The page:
Making those meaningful connections to their vocabulary helps students establish background academic knowledge (Marzano, 2004). While some vocabulary needs direct instruction, science has discovered that most development happens through indirect exposure. To learn a new word, students without a learning disability require 10 – 11 exposures to the word. Students with a learning disability require as many as 40 exposures to the word (Allen, 2007). An accurate, high-interest word wall provides students repeated incidental exposure AND provides teachers with the opportunity for direct re-teach and reinforcement. Word walls help develop deep understanding by allowing students to see, hear and use terms in varied contexts.
Word walls can be a great way to involve students in learning academic and content language. Having students locate terms on the wall, create their own versions of the words in journals, find them in a binder and place them on the wall are just a few ways to get students moving and learning. Catnip’s Word Walls are unique, eye-catching and fresh. Kids are immediately attracted to the color and style of the design. Even a day-dreaming, space-staring student can be reached by a strategically placed word wall (Capristo, 2013)!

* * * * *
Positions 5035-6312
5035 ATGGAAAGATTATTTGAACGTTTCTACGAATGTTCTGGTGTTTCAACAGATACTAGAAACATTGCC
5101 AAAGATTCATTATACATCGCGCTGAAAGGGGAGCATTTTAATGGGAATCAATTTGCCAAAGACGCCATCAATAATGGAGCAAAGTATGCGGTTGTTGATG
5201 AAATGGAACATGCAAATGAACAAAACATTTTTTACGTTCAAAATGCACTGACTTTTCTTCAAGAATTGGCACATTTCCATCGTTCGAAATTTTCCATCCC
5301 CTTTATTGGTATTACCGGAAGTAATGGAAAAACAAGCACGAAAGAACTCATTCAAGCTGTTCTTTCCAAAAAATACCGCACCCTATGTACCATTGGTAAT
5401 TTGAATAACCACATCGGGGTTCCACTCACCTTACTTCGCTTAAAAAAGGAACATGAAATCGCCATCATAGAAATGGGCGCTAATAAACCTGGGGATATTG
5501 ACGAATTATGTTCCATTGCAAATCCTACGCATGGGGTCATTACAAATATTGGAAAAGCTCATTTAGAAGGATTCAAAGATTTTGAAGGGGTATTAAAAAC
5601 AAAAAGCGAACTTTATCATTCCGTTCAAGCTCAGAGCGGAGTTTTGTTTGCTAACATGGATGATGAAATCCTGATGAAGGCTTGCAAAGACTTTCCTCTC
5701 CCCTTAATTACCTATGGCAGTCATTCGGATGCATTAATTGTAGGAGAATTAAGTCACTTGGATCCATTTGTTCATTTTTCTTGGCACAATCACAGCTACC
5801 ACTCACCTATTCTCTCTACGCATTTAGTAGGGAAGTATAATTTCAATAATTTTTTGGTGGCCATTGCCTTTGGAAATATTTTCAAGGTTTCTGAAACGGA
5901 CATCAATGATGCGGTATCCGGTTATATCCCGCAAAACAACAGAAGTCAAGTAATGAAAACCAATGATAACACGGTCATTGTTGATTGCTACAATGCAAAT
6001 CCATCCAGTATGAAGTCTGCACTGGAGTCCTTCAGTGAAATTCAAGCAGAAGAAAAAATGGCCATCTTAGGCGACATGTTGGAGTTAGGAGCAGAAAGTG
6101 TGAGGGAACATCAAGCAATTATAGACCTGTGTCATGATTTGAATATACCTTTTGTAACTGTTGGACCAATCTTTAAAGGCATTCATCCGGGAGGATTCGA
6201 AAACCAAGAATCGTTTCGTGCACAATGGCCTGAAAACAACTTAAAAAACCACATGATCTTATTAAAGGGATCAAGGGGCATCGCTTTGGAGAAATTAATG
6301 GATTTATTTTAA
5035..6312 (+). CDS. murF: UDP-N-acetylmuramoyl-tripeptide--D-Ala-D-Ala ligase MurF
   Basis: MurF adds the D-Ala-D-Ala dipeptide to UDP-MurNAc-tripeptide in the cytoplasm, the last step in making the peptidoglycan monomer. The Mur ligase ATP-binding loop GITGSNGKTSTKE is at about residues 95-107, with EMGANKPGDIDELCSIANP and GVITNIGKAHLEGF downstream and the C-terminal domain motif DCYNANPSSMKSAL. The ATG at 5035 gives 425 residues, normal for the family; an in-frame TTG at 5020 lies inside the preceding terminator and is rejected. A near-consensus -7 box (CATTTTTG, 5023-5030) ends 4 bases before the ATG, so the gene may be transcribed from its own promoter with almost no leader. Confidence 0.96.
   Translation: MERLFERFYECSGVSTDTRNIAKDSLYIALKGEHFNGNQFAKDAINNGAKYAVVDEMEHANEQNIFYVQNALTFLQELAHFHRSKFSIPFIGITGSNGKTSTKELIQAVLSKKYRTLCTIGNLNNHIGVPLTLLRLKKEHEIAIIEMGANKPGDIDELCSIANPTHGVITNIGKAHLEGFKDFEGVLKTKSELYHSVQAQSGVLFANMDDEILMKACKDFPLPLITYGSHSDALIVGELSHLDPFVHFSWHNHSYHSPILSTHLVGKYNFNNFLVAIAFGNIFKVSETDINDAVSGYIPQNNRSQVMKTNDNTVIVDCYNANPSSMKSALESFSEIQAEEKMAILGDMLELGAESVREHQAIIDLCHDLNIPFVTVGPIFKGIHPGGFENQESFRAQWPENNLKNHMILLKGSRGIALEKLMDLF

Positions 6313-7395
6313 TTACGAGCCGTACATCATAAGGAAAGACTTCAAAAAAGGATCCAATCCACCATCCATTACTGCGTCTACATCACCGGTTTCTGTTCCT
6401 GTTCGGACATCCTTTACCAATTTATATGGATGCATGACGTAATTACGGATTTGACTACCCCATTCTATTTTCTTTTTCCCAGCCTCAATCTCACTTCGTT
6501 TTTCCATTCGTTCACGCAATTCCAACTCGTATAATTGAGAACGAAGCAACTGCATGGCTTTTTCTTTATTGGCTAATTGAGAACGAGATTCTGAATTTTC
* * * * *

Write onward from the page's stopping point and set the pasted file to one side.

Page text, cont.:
Most content areas, have a language all its own. In order for students to follow instruction and apply concepts, they must have a grasp of key vocabulary. Research shows that struggling students, due to--skill and concept gaps, language barriers, and a variety of cognitive challenges--can benefit from a well-designed word wall. Catnip's Word Wall incorporates the three essential components shown to make a word wall most effective for struggling students: the word; a short, clearly stated definition; and, most importantly, a colorful and relevant graphic. These components allow students to make meaningful connections to vocabulary.
Interaction and Engagement: